I still write for a small comic book publishing company, but my column changed from the perspective of “geek chick” to geek mother. My zombie apocalypse writing got shelved for a new series about a 4 year old learning language and life lessons for children with developmental delays. I still get to attend conventions occasionally, but we don’t go to panels anymore or anything with a longer than 20 minute line and most of what we look for is focused on what I know the children will enjoy seeing. We ignore the child haters who believe any sort of “geek” convention is not a place for children. We take it slow and we include our children in our lives, we don’t hide them away or hire others to be parents while we do whatever we want. We WANTed them and now we want them with us, as we live because they are part of us. Sure, I’m in debt up to my eyeballs paying off school and house and credit cards from medical crap because the market crash hurt us a few years ago. Sure, I miss singing, being on stage, dressing up and performing… but not as much as I’d miss these faces, their hugs, their games, their absolutely incredible imaginations and the magic that surrounds them. A paycheck is never going to be worth as much as their love.

Many have told me I’ve given up everything. I’d been a supervisor in a corporate office in Los Angeles, working for an edgy fashion company and 80% of my coworkers were unwed and did not have children. It was a party atmosphere and those who had children were often not respected, considered a liability because their priorities were obviously “elsewhere” unless they put the kids in daycare and didn’t bring up the fact they had babies waiting for them at home when asked to do overtime. When I chose to exclusively breastfeed my baby until he was ready to stop, I decided it was time to leave my job. I did not return to work after my maternity leave and with that, almost all my friends from work stopped talking to me.

It has been 4 1/2 years and I have two children now. Instead of performing, I now teach voice in my living room and when people ask, “are you still singing” I tell them, “I’m teaching voice and being a mom” and most times, they roll their eyes and sigh, some say “wow, that’s too bad”, like I’ve been afflicted by some sort of disease. Many have told me I’ve “lost myself”. I’ve been told, “you are no longer fun” and been asked, “when can you leave them so you can come hang out with us” and “when will you leave the kids with a sitter and get back on stage?” and, “don’t you know ME TIME is important or you’ll lose yourself?”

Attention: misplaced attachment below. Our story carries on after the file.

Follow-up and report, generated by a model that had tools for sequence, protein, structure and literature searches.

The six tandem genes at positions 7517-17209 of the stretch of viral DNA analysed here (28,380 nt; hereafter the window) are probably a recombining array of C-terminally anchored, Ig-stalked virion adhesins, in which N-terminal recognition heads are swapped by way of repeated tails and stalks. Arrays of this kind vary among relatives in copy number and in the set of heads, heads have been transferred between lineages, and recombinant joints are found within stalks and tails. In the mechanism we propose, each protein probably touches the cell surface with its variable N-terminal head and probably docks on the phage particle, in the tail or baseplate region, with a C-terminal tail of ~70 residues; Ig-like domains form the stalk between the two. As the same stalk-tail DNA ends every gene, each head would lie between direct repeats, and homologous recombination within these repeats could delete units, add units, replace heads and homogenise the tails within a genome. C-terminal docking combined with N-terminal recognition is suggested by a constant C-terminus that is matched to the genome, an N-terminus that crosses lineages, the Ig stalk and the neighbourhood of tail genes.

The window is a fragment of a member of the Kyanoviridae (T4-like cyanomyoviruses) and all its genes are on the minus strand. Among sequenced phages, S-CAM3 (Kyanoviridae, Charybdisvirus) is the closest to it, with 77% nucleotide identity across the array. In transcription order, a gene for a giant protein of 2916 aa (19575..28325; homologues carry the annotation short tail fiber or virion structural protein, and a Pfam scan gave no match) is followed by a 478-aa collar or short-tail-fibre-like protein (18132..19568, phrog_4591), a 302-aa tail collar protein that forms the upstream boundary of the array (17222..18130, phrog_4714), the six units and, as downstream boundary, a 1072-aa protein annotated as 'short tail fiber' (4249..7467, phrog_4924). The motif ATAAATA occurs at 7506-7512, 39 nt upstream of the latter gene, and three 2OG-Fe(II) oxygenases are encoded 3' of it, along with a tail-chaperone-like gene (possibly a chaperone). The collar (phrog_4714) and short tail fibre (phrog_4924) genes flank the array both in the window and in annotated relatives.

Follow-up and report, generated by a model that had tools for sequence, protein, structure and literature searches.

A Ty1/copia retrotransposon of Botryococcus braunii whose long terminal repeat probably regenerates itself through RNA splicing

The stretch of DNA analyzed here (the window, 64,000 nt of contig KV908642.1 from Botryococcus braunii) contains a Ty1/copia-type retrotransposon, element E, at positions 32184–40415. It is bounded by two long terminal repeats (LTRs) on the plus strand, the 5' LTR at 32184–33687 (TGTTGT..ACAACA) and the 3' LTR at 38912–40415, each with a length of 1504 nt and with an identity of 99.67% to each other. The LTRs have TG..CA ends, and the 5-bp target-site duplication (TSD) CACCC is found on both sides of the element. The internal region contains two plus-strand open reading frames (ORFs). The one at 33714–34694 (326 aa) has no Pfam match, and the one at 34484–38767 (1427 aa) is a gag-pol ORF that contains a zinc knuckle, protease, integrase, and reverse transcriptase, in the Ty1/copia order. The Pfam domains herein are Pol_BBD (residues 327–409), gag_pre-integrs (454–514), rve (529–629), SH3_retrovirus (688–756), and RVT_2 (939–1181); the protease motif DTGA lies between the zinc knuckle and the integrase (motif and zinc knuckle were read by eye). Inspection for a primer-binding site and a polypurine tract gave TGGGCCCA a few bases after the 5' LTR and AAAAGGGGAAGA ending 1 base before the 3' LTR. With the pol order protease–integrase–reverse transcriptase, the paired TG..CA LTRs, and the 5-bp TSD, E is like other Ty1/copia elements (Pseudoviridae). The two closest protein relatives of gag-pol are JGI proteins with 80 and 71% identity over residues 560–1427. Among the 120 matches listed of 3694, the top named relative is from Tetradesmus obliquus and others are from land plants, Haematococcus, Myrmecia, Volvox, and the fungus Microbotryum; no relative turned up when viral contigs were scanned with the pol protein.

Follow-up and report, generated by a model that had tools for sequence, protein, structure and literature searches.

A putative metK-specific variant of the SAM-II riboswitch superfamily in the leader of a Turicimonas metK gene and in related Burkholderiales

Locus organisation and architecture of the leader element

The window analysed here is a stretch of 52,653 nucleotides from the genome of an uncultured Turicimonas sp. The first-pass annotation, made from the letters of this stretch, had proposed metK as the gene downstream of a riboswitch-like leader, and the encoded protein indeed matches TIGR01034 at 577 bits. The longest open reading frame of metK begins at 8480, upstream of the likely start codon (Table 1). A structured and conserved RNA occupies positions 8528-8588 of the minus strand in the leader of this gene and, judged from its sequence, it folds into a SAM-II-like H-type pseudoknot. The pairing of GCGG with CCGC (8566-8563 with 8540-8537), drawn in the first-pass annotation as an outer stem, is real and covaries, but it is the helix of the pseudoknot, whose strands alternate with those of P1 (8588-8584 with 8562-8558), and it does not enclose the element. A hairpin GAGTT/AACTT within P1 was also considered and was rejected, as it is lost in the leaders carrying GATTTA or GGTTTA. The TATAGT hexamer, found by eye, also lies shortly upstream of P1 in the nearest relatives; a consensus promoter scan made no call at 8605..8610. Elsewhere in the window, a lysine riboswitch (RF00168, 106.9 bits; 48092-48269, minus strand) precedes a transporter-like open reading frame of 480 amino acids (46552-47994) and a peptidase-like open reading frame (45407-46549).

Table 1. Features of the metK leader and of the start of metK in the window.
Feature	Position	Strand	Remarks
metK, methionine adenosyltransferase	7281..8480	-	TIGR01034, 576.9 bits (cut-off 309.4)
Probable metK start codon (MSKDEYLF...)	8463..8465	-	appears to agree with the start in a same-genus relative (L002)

I just smile at them and say, “I have everything I need here and it’s no longer my turn.” I explain this often on my mom blog.

Yes- I am now one of “those people” who started a blog after I had babies and alongside it, maintain a private Facebook page for mothers of all parenting styles to find a safe place to ask questions, vent and seek help and support for things they are too embarrassed to share with others who will judge them. I crusade for mothers who feel ashamed to be the mothers they wish to be. I support babies by teaching mothers how to breastfeed without shame. I advocate for compassion by sharing the benefits of attachment/gentle parenting practices. I put on killer birthday parties that some moms (including mine) think are ridiculous to give me a chance to create something beautiful and make others happy.

That is how I maintain my creativity for now, and I’m okay with that. I always say; I had 33 years of “me time” and now it’s my children’s turn. I don’t expect the people who are not parents to understand- I mean, really- how could they?

Did you know your brain literally rewires itself when you become pregnant? It begins the moment of conception and works to rewrite how you think about things, react to things, you lose some unnecessary bits and you gain even more. You can patience, a higher pain tolerance, sharper vision and even clearer hearing sometimes. Don’t forget, you’re still mostly animal in there, however beautifully human you are- and your body runs on instinct. The moment you conceive a child, it gets to work to prepare you for the pain, the danger and the need to protect and grow another human. If you are lucky enough to have a partner who sleeps beside you, their brains are changed, too. Your hormones are sensed by that other person’s brain and they react accordingly, changing their own chemistry in preparation for another life that must be cared for. As a unit, the two of you are even more connected than can be imagined- a united front to bear, raise and protect the new life you both have made. Those changes continue through the first few years with the aid of breastfeeding and co-sleeping to form bonds and trust that is never shaken.